Why I Started Blogging

I started writing when I was twelve. I started blogging when I was sixteen. After I got my hands on my mothers old desktop computer, this really slow, really loud beast of a machine with a keyboard, I fell in love. My mothers new computer was a dream, but having my own, in my own room, was its own dream.

No more writing on binder paper, no more numbering my pages. I could get more writing done in less time, I wasn’t bound by the speed of my handwriting, or the amount of paper I could get my hands on. I wrote short stories that sat on my desktop, that ended up tucked away in a folder, neglected. That bothered me, my stories were collecting dust, forgotten in that dark folder, and that wasn’t why I had written them.

I was hesitant to share my writing, for a few reasons. What if people really liked what I wrote, what if they absolutely loved my short stories and tried to steal them? What if someone was just as in love with these small worlds with short blurbs on different scenarios that they decided to copy and paste, and for some terrible reason they got noticed and published based on or with my writing? How terrified I was at the loss of any success because everyone loved what I did enough to steal it, but that’s silly, its ridiculous, nothing I write is that good. In fact, I’m sure only a few people might like it at all, might say something nice as a formality but roll their eyes after the fact. Sure, it makes sense, I don’t know what I’m doing so people will criticize my writing, criticize me. Oh god, I bet they’ll tear apart every flaw they can fathom!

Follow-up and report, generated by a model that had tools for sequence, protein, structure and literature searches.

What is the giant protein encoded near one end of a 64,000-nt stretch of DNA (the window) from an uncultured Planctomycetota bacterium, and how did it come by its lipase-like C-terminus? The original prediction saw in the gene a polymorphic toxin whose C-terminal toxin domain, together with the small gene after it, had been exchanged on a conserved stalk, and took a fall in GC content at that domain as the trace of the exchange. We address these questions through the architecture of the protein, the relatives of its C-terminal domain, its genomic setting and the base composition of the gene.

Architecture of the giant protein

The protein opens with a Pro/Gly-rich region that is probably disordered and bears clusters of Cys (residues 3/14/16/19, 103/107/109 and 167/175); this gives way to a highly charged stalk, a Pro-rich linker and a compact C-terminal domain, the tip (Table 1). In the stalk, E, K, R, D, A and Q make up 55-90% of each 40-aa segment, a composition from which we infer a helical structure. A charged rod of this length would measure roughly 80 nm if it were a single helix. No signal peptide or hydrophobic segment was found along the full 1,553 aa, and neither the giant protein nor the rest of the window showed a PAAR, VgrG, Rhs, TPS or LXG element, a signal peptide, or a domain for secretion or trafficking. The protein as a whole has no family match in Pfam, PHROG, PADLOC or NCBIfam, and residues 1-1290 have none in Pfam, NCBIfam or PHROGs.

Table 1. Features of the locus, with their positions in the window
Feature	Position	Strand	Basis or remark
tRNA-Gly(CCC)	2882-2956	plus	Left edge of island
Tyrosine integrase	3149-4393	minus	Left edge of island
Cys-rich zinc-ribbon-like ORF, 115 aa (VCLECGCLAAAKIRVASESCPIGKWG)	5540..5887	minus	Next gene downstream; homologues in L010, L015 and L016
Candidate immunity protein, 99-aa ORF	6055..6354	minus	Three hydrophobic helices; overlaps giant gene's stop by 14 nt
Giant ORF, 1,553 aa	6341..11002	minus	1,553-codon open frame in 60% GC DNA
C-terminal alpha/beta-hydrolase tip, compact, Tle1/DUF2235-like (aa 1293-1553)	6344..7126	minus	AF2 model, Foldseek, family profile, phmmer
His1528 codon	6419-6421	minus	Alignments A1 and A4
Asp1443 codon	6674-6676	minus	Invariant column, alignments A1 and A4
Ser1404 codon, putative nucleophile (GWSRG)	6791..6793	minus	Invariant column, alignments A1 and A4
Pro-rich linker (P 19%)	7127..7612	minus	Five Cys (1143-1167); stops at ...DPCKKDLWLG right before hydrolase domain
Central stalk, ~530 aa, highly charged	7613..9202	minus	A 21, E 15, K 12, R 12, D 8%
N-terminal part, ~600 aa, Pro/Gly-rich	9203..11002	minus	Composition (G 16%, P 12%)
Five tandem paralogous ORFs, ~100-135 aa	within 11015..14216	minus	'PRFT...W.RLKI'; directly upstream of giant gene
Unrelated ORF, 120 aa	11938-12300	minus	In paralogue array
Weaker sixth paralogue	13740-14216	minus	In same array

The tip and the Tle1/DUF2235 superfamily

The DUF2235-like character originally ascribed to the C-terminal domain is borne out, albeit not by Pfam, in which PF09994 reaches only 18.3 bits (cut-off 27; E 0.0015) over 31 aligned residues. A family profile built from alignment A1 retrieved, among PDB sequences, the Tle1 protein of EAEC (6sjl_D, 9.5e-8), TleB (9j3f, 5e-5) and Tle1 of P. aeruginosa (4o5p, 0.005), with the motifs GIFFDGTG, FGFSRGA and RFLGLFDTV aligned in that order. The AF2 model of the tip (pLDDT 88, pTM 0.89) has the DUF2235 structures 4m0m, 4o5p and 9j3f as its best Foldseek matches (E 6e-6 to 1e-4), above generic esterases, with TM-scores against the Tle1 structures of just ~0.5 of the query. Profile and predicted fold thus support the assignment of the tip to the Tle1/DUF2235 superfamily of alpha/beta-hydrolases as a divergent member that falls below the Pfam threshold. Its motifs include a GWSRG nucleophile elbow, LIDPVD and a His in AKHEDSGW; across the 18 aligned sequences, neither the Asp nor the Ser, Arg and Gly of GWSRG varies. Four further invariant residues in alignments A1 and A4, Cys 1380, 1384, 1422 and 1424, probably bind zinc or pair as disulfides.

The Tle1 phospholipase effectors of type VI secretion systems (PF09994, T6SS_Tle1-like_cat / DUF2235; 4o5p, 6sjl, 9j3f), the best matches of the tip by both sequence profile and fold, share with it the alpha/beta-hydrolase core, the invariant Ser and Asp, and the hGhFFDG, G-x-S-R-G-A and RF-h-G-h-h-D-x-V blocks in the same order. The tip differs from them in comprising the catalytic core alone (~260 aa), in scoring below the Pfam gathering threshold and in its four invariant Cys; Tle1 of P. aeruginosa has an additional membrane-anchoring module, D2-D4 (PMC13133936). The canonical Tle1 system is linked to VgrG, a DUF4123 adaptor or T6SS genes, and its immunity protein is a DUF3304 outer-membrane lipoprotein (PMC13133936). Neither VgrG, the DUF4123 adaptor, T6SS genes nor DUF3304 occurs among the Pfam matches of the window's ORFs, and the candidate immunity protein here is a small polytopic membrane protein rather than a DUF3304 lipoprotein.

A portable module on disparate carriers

And that settled it, I would post a blog! Privately. I would post a blog, that required permission to view, that required a password, because although my deep seeded urge to write and have an outlet to share my writing was so immense that it had to happen, I still wouldn’t let anyone see it. Those fears, however, still kept those stories hidden, on a long forgotten website no one could view, much like the folder they were previously in. One day it came to my attention that the long forgotten blog was going to be shutting down, and that is when I began to write again, to write more, but not on a blog. Feverishly, instead, in word documents.

These word bursts would happen periodically. I wrote, and wrote, and the sun would come up, and I would get little to no sleep. Cigarettes and coffee back to back, and words upon words, with no where to go, but into their own file, in their own folder, on my desktop, just as before. It was a manic mess of making stories and characters, scenarios and worlds. When I was done, I would journal, I would write personal paragraphs of how my stories were coming along, and how I felt about them, what I would do in the day, and which book I would read next.

This went on, and on, unending for years. Today, I am an English Major, with a book club, apart of the bookstagram community, who gets a brave bug to submit something to The Ghastling now and then, but that folder… it still exists. On my hard drive, tucked away, are all of those books and stories, finished and unfinished, years and years of writing accumulated, gathering metaphorical dust as they sit. Here’s the thing, however, while I may not be able to share those just yet, or ever, I do NEED to share something. I need to write, I need an open, public outlet for some type of creative writing. So here, here is where I have found a comfort in complementing books that I have read with words to counter those tales in reviews, here I can discuss favorites among books, and comforts. Here, I can share with you my words. Here, I can be a writer, a reader, a reviewer, a photographer.

I started blogging, to stretch out my arms after typing. To let loose the lines of words bunched up in their save file. I started blogging because writing is like a favorite food. When those words hit your tongue, you find satisfaction, and in having had been the maker of that meal, you feel delight. Maybe, and almost certainly, one day, I will post more of my writing, as to write can not be wrong.

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